The limits on nuclear weapons set by the New START treaty between Russia and the United States are due to expire in 2021. With bilateral relations between the two countries at an impasse, what are the options for keeping the nuclear arms control agenda alive?

One option is the U.S. proposal to extend the 2010 New START for five more years beyond 2021. This is a backup plan if a new treaty is not signed before then, and this option is actually mentioned in the text of the treaty.

According to New START, Russia and the United States are required to limit their strategic weapons to no more than 700 deployed delivery vehicles and 1,550 warheads. In his June 2013 speech in Berlin, Barack Obama proposed a new treaty with Russia that would reduce strategic weapons by approximately one-third. Russian and American strategic weapons could be limited to 1,000 warheads and 500 deployed delivery vehicles.

Washington’s next proposal to further reduce strategic weapons came in January 2016. It may have been triggered by the joint statement issued by the Nuclear Threat Initiative (NTI) and the International Luxembourg Forum on Preventing Nuclear Catastrophe in Washington in early December 2015.

This proposal drew a rather sharp negative response from Moscow. Russia cited numerous reasons for its inability to negotiate with the United States: the need for multilateral agreements with other nuclear powers, the ongoing expansion of the global and European missile defense system by the United States, the potential threat of a disarming high-precision non-nuclear strike against Russian nuclear forces, the militarization of space. Finally, Moscow mentioned the sanctions imposed by the West and the United States in particular on Russia because of the Ukraine crisis.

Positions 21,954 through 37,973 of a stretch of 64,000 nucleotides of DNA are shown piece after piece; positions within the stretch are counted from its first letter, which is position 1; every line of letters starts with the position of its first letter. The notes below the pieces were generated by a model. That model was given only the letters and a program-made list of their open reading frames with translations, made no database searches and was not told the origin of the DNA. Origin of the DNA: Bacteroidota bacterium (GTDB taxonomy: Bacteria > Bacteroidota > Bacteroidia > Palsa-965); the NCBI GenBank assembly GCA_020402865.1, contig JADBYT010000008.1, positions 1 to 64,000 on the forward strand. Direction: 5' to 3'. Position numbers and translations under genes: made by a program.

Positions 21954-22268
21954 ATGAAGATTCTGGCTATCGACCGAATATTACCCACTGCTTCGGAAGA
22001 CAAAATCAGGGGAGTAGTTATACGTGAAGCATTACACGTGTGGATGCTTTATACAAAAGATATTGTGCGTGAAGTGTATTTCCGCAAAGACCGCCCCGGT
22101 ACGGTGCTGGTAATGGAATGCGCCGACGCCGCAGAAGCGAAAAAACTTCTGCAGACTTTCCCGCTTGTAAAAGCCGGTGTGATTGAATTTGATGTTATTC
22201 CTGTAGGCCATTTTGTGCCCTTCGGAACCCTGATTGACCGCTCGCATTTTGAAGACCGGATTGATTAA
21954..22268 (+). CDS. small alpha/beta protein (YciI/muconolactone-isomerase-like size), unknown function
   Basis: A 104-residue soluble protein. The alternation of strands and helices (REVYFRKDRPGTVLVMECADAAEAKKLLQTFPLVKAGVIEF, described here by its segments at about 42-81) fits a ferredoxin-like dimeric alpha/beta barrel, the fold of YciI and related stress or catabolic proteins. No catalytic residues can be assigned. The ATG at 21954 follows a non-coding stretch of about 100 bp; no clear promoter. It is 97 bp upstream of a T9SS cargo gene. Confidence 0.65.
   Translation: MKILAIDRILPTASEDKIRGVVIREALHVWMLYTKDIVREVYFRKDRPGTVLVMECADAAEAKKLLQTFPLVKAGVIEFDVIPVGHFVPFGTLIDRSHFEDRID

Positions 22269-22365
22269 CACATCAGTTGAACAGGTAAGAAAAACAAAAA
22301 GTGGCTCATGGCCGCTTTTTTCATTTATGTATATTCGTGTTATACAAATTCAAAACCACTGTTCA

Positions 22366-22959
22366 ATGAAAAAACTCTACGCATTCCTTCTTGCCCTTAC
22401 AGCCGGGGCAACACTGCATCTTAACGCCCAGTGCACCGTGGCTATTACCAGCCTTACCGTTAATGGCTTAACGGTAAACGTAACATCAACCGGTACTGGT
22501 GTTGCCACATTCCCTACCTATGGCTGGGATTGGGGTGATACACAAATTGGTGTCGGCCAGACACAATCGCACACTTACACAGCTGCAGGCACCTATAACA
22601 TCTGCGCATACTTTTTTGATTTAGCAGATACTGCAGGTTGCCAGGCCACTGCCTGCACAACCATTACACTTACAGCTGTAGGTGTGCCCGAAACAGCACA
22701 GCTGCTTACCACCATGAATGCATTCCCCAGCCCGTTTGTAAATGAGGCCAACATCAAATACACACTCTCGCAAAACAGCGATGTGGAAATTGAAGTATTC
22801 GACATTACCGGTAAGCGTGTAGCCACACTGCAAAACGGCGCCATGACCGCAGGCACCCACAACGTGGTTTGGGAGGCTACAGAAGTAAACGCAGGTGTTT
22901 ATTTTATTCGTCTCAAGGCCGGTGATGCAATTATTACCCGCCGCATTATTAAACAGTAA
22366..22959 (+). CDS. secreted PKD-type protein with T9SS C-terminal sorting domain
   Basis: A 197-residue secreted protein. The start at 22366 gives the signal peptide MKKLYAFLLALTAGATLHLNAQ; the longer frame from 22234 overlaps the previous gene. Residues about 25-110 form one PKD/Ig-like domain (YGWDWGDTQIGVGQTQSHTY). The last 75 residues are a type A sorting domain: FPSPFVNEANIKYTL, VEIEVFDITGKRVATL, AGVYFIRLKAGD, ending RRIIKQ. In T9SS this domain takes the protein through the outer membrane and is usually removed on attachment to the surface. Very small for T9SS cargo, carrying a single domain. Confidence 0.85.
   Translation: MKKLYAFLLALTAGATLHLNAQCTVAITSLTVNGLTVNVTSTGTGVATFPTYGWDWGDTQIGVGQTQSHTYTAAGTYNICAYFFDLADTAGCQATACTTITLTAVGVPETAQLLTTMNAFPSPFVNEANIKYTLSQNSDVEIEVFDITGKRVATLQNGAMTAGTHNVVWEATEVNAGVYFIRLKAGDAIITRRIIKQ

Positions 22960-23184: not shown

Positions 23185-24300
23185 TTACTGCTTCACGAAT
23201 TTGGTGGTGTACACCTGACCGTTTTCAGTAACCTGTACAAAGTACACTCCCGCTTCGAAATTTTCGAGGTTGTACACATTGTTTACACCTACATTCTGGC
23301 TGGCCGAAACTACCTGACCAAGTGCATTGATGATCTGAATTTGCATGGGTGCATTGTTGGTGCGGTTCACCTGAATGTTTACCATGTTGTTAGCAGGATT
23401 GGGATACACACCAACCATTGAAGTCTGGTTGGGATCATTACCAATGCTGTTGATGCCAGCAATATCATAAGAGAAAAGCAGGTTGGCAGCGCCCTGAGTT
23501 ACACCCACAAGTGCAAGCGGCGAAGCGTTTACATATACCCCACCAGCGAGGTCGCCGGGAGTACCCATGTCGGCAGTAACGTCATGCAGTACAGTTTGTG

Let’s leave aside for a moment the validity of the first three reasons advanced by Moscow. Extending the treaty seems like a reasonable course of action if we admit that serious negotiations between the two countries are impossible in the immediate future.  Crucially, if the treaty is no longer in force, that would eliminate the legal framework that has allowed both parties to effectively monitor mutual treaty obligations for decades.

Currently, the parties are informed about the types and composition of each other’s strategic arms, deployment areas, the number of deployed and undeployed delivery vehicles and their warheads, as well as any changes to be made in the near future. New START provides for 18 annual on-site inspections of the parties’ land, sea, and air nuclear bases. Both sides also exchange up to 42 notifications a year of changes at their strategic nuclear arms sites.

Lack of information about the condition of the opponent’s armed forces generally leads to the other side exaggerating their number and quality, which in turn prompts that side to increase its own strength to a level at which it could make an appropriate response. This puts everyone on the road to an uncontrollable armed race. This is especially dangerous when strategic nuclear weapons are involved, since it will eventually undermine the very concept of strategic stability as we understand it, and this is precisely why it would be prudent to extend New START for a further five years until 2026.